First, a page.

Preferred cross-border payment methods in Europe for B2B businesses
Managing funds can be a difficult task for cross-border B2B businesses, especially in Europe. Cross-border transactions are common in this region, but even though the EU created the Eurozone single currency area, many countries still have their own currencies and regulations.
B2B business owners need to manage a lot of different currencies, banking systems, and financial requirements. Plus, businesses in different countries have different sets of preferences for cross-border payment methods.
B2B businesses are all looking for ways to make and receive international payments that are quick, low-cost, and easy to use, but it can be hard to find something that ticks all the boxes. It isn’t easy to decide between traditional methods like wire transfers, or newer options like ewallets, online banking, mobile payments, and other digital payment solutions.
Here are some of the most popular payment methods for B2B businesses in Europe, to help you choose the smoothest way to manage your business funds.
Credit and debit cards
Credit cards are easy to use and secure, which makes them the most popular choice for international payments. Many countries, including France, Estonia, Portugal, Ireland, and Germany, place credit card payments at the top of the list of cross-border payment options.
However, if you’re receiving funds, it can be frustrating waiting days for credit card payments to clear. Debit card payments clear faster than credit card payments, so they are more popular in some countries, but they are also less secure, and you’re more likely to have limits placed on how much you can transfer in a single payment.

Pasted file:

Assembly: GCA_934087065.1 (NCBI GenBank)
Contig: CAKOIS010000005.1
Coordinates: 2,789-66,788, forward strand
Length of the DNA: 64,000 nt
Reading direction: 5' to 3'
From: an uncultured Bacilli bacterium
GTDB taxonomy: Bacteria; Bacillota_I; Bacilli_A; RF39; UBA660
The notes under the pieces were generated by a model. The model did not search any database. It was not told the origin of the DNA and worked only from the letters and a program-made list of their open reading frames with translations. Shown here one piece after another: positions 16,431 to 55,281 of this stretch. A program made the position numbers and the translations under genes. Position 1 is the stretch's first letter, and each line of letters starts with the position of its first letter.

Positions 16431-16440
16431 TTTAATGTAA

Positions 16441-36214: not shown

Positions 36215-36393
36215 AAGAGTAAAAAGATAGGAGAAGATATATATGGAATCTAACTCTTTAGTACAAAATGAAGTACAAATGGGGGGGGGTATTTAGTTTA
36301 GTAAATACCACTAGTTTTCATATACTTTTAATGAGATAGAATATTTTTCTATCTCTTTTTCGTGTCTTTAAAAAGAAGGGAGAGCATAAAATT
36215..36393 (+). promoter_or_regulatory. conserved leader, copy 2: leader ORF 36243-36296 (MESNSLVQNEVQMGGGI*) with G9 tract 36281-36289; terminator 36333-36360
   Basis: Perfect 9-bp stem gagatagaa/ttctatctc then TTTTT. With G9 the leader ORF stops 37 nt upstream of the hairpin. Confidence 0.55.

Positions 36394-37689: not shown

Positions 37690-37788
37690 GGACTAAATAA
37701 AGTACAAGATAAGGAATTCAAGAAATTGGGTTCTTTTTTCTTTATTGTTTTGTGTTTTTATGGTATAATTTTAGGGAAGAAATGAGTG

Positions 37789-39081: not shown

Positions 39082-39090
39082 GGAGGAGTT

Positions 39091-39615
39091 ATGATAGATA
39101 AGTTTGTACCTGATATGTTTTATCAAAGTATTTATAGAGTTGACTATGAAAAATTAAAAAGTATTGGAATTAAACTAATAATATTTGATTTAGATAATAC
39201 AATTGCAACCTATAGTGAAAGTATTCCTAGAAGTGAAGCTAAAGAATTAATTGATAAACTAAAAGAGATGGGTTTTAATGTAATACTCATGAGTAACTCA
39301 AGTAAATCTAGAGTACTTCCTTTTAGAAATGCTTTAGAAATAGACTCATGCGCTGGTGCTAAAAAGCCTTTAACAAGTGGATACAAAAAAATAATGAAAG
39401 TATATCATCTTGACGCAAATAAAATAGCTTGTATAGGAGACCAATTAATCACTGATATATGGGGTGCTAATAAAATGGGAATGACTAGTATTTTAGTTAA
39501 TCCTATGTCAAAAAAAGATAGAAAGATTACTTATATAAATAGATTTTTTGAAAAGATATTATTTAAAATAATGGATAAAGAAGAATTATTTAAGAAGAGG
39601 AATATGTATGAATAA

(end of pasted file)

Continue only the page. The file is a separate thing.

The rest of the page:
But one big drawback to using either credit or debit cards is the high fees. Most credit card companies charge a fee of 2-4% of the payment, plus an extra fee for cross-border payments, plus yet another fee if you need to convert money to a different currency.
There are a number of different types of bank transfer that you can use for B2B payments in Europe, including wire transfers, online banking transfers, and direct debit. They are mostly used for domestic B2B payments, because there aren’t many major banks that have a presence in more than one country, plus the fees for currency conversion are so high. In Germany, for example, domestic bank transfers and direct debits are very popular, but they aren’t used much for international payments.
Most businesses that do use international bank transfers prefer SWIFT payments, because they are secure, and clear relatively quickly. Europe has a version called SWIFT gpi, which clears funds more quickly and is more transparent. But SWIFT payments are very expensive, especially if you need to convert money from one currency to another.
However, cross-border bank transfers are starting to become less costly and more popular, thanks to new SEPA transfer schemes for businesses in the Single Euro Payments Area (SEPA) which have lower fees and shorter clearing times.